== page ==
Laureate Education Agrees to Management-Led Buyout
Laureate Education said it agreed to a management-led buyout for about $3.1 billion in cash from an investor group that includes its chairman, private equity firm Kohlberg Kravis Roberts and hedge fund SAC Capital.
Laureate , which offers career-oriented undergraduate and graduate programs through online programs and universities in Latin America, Europe and Asia, said it would receive $60.50 a share in cash -- an 11% premium to the company's closing stock price of $54.41 on Friday.
Based on Laureate's 51.4 million shares outstanding as of end-October, the deal is valued at $3.1 billion. Including debt, the deal totals $3.8 billion.
A special committee of Laureate's directors recommended the deal, which its board approved unanimously. The deal is expected to close at the end of the second quarter, the company said.
Other investors in the buyout group include Citigroup Private Equity, SPG Partners, Bregal Investments, Caisse de depot et placement du Quebec, Sterling Capital, Makena Capital, Torreal S.A. and Southern Cross Capital.
Private equity firms buy and sell companies, borrowing most of the money through their targets to finance deals. So-called buyout firms seek undervalued companies with strong cash flows, because they need the cash to pay down the borrowed debt.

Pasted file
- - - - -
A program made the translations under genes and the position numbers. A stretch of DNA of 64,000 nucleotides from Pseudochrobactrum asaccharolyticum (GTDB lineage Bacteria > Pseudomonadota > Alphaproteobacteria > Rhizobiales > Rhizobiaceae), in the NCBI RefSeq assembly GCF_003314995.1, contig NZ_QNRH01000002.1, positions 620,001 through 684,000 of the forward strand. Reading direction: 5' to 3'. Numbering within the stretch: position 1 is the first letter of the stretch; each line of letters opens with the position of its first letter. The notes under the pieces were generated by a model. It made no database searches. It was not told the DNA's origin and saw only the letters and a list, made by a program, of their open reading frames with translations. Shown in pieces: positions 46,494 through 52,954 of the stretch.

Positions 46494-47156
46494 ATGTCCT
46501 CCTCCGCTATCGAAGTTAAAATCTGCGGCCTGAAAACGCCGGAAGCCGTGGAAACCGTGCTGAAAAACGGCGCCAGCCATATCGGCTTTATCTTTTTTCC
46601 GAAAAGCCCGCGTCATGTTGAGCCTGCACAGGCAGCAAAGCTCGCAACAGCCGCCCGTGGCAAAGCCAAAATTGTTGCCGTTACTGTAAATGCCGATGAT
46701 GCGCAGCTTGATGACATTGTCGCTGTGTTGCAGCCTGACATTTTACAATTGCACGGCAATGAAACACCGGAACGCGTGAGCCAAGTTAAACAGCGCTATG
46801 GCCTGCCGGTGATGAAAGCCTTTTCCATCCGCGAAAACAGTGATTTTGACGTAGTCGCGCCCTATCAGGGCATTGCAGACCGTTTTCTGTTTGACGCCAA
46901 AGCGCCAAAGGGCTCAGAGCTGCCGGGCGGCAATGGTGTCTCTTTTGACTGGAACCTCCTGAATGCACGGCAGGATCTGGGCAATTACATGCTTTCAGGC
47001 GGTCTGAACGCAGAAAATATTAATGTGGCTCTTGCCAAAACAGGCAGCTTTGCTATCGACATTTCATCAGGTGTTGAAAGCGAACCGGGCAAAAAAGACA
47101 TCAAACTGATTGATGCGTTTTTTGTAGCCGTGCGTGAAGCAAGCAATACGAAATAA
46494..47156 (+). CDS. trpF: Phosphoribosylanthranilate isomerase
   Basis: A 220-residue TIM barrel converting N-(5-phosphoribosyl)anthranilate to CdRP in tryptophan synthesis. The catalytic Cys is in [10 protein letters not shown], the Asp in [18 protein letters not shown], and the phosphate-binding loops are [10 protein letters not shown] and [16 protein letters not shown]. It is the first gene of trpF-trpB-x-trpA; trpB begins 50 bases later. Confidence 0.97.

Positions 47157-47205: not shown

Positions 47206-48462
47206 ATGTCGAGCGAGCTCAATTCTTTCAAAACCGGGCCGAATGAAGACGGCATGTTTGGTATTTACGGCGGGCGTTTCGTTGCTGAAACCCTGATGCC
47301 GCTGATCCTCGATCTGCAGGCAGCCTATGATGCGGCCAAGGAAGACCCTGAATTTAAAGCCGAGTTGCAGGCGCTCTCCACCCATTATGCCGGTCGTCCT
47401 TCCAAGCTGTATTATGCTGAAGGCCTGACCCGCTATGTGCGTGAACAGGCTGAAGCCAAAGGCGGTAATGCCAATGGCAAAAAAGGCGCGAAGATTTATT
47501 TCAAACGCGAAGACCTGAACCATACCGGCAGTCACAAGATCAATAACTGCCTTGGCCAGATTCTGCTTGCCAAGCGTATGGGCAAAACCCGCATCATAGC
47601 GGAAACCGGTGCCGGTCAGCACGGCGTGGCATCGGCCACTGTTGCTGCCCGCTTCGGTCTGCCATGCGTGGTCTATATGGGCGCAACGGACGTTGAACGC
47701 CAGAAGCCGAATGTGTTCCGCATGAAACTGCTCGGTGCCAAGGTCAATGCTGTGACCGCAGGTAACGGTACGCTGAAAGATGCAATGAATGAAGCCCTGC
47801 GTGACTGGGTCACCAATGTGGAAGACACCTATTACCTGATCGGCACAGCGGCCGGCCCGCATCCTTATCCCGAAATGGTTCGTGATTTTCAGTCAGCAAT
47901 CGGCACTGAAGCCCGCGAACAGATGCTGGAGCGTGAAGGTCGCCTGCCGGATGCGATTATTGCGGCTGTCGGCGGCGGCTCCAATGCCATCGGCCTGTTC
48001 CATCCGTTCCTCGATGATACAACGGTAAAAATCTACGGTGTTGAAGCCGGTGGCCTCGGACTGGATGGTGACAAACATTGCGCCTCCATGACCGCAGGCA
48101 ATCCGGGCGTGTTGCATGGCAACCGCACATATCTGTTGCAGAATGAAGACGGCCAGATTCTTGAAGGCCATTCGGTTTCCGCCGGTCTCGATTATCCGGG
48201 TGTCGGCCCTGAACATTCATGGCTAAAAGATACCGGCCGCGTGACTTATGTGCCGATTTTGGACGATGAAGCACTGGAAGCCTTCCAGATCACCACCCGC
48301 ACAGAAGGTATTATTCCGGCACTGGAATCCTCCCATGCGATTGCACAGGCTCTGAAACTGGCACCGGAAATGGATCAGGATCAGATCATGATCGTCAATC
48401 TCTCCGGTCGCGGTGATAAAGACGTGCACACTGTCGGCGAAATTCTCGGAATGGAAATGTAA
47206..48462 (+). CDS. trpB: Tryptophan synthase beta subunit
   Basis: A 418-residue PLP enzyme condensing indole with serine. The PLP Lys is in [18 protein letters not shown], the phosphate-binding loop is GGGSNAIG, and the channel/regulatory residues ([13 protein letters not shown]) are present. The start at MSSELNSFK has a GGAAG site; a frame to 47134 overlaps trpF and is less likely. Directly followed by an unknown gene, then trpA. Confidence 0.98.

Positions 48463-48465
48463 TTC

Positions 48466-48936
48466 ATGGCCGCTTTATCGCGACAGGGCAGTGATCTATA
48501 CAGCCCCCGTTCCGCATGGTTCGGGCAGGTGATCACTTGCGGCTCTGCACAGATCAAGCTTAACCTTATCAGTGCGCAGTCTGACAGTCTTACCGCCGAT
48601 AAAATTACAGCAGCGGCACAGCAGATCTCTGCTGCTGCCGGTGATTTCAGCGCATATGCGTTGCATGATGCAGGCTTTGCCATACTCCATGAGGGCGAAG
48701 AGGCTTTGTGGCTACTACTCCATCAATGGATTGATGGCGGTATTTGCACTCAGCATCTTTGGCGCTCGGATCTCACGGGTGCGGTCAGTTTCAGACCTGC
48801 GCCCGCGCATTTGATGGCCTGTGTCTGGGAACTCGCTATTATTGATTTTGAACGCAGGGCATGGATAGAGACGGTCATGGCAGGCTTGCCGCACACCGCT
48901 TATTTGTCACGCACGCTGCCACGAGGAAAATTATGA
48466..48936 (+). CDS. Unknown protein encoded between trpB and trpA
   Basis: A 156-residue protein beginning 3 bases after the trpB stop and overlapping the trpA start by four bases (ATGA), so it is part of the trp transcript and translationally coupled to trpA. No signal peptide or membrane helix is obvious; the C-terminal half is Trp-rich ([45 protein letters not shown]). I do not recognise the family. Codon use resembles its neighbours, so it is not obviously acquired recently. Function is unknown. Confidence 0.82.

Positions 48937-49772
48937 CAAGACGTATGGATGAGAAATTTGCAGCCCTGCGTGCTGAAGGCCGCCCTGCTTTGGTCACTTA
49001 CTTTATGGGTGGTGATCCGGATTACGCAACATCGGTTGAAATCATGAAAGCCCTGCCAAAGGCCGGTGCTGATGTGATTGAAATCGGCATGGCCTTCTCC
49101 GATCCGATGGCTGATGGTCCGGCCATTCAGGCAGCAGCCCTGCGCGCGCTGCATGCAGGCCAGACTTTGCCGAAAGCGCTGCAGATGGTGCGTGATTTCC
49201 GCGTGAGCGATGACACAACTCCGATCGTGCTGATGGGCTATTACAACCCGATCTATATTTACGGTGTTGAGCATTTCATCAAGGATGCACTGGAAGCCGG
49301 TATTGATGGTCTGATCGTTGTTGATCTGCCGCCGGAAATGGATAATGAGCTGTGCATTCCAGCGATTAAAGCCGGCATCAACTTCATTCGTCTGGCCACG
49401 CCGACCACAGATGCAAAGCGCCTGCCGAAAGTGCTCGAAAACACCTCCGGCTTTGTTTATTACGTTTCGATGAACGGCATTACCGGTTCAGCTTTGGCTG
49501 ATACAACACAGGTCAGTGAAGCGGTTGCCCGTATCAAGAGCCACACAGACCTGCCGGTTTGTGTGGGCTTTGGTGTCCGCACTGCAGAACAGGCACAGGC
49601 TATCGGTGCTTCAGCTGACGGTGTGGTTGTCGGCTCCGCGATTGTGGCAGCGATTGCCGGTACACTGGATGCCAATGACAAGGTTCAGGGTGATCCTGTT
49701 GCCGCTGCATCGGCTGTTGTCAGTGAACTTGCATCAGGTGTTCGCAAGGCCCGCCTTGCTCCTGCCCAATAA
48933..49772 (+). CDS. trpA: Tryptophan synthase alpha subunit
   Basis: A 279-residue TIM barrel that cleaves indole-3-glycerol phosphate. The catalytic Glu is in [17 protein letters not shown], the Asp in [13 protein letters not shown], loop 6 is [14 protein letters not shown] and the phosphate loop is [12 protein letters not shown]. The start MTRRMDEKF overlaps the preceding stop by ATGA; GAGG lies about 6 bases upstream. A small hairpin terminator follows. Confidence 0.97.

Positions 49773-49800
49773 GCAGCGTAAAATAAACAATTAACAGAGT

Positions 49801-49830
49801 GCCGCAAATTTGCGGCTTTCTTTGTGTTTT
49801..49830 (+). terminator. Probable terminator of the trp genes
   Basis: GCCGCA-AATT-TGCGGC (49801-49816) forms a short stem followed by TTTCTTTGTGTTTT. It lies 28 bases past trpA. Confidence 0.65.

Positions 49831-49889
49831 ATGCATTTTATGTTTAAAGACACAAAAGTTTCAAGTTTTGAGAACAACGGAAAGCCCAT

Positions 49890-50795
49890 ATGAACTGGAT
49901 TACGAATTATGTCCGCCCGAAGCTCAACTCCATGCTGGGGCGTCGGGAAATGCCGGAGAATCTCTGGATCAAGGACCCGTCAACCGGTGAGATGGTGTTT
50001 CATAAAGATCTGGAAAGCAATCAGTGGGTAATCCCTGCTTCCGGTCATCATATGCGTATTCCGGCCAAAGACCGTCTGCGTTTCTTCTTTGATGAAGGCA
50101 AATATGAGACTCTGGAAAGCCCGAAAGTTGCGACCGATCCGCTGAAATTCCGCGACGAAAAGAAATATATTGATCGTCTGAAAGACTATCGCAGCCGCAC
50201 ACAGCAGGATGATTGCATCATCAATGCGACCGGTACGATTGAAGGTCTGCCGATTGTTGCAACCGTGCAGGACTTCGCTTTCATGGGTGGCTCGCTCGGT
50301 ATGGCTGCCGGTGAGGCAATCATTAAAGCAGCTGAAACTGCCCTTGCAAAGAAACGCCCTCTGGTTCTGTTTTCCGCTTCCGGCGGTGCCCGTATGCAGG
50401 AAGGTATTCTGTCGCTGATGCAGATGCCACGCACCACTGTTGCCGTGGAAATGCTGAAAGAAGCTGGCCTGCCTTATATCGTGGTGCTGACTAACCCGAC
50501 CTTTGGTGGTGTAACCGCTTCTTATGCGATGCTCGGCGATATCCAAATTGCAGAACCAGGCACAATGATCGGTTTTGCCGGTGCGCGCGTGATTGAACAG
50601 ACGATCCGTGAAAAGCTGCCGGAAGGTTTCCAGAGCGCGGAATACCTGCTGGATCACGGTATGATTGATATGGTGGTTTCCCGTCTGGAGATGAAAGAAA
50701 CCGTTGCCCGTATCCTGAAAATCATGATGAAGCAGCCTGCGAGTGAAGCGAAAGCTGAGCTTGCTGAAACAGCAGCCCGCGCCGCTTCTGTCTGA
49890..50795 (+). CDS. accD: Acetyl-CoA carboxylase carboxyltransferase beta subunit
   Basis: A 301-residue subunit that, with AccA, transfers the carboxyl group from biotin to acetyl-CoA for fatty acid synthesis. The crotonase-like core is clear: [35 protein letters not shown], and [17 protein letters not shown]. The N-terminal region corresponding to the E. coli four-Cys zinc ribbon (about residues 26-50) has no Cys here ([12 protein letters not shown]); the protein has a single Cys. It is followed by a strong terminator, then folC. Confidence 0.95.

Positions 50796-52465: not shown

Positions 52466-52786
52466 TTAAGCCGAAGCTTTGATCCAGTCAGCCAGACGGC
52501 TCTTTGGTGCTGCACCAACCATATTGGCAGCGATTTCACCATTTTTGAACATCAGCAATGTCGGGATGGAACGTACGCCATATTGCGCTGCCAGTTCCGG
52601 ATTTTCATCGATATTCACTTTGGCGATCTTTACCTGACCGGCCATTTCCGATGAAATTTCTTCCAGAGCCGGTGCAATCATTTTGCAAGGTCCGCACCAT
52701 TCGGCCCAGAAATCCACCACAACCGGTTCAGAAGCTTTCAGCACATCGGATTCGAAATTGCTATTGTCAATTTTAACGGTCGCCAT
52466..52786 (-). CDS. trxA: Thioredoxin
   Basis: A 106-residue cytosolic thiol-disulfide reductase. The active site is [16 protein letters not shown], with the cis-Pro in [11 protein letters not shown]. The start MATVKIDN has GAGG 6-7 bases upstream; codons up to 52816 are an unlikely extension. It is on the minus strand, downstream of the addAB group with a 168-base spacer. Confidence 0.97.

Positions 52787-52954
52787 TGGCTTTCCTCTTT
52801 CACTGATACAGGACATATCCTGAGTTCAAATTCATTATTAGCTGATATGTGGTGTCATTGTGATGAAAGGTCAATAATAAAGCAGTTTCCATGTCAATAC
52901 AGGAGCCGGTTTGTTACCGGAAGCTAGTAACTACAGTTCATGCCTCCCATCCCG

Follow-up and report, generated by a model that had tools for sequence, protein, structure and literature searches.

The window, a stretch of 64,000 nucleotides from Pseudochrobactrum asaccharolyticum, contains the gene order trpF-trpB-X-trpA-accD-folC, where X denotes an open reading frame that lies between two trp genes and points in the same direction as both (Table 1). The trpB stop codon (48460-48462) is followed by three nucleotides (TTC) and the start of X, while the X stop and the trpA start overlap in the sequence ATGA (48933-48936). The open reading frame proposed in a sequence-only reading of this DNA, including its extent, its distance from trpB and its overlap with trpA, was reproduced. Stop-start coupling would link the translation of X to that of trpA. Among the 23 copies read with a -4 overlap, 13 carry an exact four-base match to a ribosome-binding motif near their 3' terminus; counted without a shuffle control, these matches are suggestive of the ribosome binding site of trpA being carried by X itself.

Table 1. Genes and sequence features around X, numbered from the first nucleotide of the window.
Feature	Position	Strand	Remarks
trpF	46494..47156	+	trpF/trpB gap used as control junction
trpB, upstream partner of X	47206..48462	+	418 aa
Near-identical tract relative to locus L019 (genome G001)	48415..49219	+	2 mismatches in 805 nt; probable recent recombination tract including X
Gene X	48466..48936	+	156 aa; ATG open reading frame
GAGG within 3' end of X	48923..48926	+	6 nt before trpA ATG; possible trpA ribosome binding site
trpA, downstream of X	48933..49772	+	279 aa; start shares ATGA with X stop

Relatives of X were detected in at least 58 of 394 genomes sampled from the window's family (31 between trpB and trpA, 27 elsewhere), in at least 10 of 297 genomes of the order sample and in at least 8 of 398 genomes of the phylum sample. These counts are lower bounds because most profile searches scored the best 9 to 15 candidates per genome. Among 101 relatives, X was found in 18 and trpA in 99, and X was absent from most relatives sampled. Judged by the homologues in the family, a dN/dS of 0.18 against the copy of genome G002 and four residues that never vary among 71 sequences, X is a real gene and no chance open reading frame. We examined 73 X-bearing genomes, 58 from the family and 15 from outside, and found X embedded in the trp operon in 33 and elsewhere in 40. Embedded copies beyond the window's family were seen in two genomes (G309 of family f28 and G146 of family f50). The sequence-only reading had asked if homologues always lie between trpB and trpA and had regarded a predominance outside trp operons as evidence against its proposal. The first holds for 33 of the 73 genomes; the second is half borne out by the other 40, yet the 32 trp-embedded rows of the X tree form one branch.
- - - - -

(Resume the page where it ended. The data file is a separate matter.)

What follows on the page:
Laureate Chairman and Chief Executive Douglas Becker first approached Laureate's board in September with a conditional proposal, the company said. A special committee of independent directors set up to consider the offer authorized Becker to begin talks with other potential financial partners to secure a higher offer. Becker later presented three other offers to the board, the company said.
Management-led buyout offers, or deals in which chief executives and/or other top officers are among the buyers and plan to stay in control of the company, are on the upswing, fueled in part by the amount of private equity money available.
Executives usually back such buyouts as a way to grow the business in private and focus on long-term goals, free of Wall Street's short-term pressures. These deals also invite scrutiny because the company is pressed to evaluate the best offer, even as its management is the one presenting the bid.
Laureate said the $60.50 per share represents a multiple of 33.8 times Laureate's trailing 12 month earnings per share from continuing operations.
The agreement includes a "go shop" provision, which allows the special committee to solicit and evaluate superior proposals over the next 45 days. There is no assurance that the "go shop" provision will result in a higher offer, the company said.
The equity investment for the transaction will be contributed by the investors, including Becker, and debt financing will be provided by Citigroup and Goldman Sachs.
The deal includes a $55 million break-up fee, a source familiar with the situation told Reuters.
Morgan Stanley and Merrill Lynch served as financial advisors to the special committee. Citigroup and Goldman Sachs served as financial advisors to Becker and the investor group.